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Vol. 78/No. 36      October 13, 2014

On the Picket Line
This week’s “On the Picket Line” column features Boston school bus drivers framed up for a job action; New Jersey nursing home workers fighting for a contract, some of whom have been locked out; and solidarity actions in Australia with fighting garment workers in Cambodia, some of whom have been framed up. Another piece on page 4 reports on the United Steelworkers defense of rail workers framed up for deaths that resulted from the bosses’ profit drive. The challenges some of these battles confront help demonstrate how capitalist governments — their cops, courts and prisons — represent the political rule of the employers and why each strike is not only an economic struggle, but at its heart part of the political struggle between capital and labor.

— Maggie Trowe

Rally opposes frame-up of Boston school bus driver
BOSTON — School bus drivers and their supporters packed a pretrial hearing at the Dorchester District Court here Sept. 15 for framed-up union officer Steve Kirschbaum. Afterward 100 rallied on the courthouse steps.

Kirschbaum is grievance chairperson of United Steelworkers Local 8751, which organizes some 700 Boston school bus drivers who transport 30,000 children to school.

Charges were brought against Kirschbaum June 30, the last day of the bus drivers’ contract with Veolia Bus Company, now called Transdev.

That day 200 members of the local rallied outside company headquarters, then entered the drivers’ room inside the building that their contract guarantees access to for union activity. Management claimed workers were trespassing on company property.

According to the company’s account, a table was pushed into Angela Griffin, Transdev’s assistant terminal manager. Kirschbaum was charged with assault and battery with a dangerous weapon (a table), trespassing, breaking and entering to commit a felony, and malicious destruction of property.

In October 2013, four local union officers, including Kirschbaum and Andre Francois, were fired for instigating an “illegal strike” when bosses locked them out for one day after refusing to meet to discuss union grievances over contract violations.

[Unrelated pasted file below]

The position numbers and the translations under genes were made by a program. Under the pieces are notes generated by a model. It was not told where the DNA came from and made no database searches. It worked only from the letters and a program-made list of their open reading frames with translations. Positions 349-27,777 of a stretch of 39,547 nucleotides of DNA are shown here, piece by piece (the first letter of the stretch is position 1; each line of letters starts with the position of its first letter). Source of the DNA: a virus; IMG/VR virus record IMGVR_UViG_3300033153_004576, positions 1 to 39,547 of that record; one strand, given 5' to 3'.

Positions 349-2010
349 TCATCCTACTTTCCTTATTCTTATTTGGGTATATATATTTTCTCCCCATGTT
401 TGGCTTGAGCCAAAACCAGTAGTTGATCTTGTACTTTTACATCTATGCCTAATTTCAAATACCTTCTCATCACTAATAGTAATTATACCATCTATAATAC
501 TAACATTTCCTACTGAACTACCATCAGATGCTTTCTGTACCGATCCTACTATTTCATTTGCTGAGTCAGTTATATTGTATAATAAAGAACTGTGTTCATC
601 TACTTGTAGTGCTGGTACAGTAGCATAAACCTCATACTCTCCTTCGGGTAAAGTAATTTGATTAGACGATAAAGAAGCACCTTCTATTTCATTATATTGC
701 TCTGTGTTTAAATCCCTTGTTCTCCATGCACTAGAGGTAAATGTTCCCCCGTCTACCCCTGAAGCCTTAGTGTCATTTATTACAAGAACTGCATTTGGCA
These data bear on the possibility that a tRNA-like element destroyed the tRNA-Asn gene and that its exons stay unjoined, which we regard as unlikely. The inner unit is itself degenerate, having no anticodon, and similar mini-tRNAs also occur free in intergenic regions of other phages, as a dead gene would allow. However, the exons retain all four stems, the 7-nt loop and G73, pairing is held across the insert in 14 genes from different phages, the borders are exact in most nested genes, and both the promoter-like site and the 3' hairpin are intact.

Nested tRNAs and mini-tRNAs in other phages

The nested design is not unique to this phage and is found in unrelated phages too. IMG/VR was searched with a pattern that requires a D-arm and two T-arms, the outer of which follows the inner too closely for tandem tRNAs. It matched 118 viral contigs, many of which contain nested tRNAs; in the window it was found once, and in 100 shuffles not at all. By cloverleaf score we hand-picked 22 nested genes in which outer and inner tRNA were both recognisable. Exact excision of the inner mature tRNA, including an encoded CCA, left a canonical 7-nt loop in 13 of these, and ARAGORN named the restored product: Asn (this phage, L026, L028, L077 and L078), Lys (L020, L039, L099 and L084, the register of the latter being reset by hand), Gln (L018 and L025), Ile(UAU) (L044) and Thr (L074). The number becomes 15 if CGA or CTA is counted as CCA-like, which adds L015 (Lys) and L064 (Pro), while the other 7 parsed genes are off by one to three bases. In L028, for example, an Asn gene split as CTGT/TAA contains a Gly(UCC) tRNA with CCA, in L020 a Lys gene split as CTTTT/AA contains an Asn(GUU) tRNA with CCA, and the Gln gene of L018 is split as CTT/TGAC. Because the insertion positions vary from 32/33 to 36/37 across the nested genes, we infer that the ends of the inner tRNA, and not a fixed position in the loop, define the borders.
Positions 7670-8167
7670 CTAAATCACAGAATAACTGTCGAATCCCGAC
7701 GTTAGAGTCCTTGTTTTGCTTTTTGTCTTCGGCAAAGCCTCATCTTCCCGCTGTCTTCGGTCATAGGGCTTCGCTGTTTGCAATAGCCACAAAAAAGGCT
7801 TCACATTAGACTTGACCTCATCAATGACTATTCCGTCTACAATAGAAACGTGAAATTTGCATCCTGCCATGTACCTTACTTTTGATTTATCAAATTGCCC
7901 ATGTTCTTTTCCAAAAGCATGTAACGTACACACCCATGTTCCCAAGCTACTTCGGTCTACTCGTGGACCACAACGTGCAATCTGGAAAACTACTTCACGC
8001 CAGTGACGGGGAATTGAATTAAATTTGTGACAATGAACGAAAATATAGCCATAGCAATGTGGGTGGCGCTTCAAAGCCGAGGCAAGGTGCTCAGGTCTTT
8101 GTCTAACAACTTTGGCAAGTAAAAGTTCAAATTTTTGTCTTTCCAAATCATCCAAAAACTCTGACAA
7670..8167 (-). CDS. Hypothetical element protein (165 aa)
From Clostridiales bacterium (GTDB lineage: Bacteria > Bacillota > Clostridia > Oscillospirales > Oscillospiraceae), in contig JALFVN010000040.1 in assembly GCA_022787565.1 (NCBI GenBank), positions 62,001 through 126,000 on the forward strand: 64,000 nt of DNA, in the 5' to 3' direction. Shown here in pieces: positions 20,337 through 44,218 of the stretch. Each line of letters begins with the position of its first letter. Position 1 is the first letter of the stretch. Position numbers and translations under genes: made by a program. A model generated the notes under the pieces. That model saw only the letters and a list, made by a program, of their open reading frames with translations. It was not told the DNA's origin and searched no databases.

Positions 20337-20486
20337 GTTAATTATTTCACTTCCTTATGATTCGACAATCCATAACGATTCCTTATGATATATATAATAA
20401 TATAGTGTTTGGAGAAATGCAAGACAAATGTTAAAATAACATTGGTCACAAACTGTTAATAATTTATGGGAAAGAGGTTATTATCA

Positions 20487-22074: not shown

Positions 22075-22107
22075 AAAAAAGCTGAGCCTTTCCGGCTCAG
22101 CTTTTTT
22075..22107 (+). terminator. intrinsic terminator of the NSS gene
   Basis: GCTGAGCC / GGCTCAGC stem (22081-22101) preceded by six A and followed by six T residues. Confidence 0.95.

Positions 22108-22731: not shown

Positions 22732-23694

“It is a 21st century version of what has been going on since Joe Hill. It is a trade union frame-up,” Kirschbaum told the Militant after the rally.

Following the hearing, Francois led those on the steps of the courthouse in the chant, “Transdevil you should know, union busting has got to go.”

“The courts are being used by the company to gain leverage in a labor dispute. The charges should be dismissed,” Kirschbaum’s lawyer, Barry Wilson, said during the hearing.

Samir Stanley, 60, a bus driver for 32 years, urged rally participants to turn out for Kirschbaum’s next court date. “I know the charges are a frame-up. I was there,” he said.

— Ted Leonard

NJ nursing home workers strike 3 days over pay, respect
UNION CITY, New Jersey — “With the way they treat us, you’d be a fool not to come out and fight,” Tashea Sangare said at a rally here Sept. 17 to support a three-day strike of 450 workers at four Alaris Health nursing homes in New Jersey. The nursing aides, kitchen staff and housekeeping attendants, members of 1199SEIU United Healthcare Workers East, have been working without a contract for more than five months. Several hundred workers from all four nursing homes attended the spirited rally, along with other workers from the area.

Sangare, a certified nursing assistant at the Castle Hill facility in Union City, said the company uses threats to intimidate workers from participating in union activity. “We did a three-day strike five years ago,” she said. “When we tried to go back they locked some of us out.”

Workers danced around a block-long picket line to live music performed by the group “To the limit.”

“We play for the residents in the nursing homes and got to know the workers and the union,” said singer Linda Curtis. “When we heard they were going out, we volunteered to come today.”

Following the rally, workers went back to picket at each facility.

“This is my first strike,” said Dante Brown, 22, a nursing assistant at Alaris’ Harborview facility in Jersey City. “They’re offering us a 7 cents raise over five years!” Brown said the company offers a higher wage for those who forego sick pay, vacation pay and health insurance. “A lot of us take it because we don’t get enough to live on.”

“We need better pay, better working conditions, and better medical insurance, but most of all we are fighting for respect,” said striker Roselyn Gibbs, who works at the Alaris nursing home in Castle Hill.

“Without a strike, the company wouldn’t give us anything,” said Harvé Casseus, a four-year veteran at the Rochelle Park facility.

When the striking workers returned to work, bosses locked out some two dozen. The union is planning a rally Sept. 30 to protest the lockout.

— Sara Lobman

Rally in Australia supports Cambodia garment workers
SYDNEY— A protest in solidarity with fighting garment workers was held outside a busy shopping mall here Sept. 17. Other actions also took place in Canberra and Melbourne, the same day thousands of workers rallied outside garment factories in Cambodia demanding an increase in the minimum wage. (See article on page 6.)

Joyce Fu, who organized the lunchtime solidarity action, said garment workers in Cambodia are now demanding their base wage be increased from $100 to $177 per month.

Fu called out to people passing through to “join us to demand justice for Cambodian workers!”

Linda Harris

Related articles:
Canada rail car workers: Bosses failed to divide us
Strike pushes back Bombardier’s two-tier plan
Cambodian garment workers renew wage fight
Union fights frame-up of Lac-Mégantic rail workers
‘Militant’ names On the Picket Line editor
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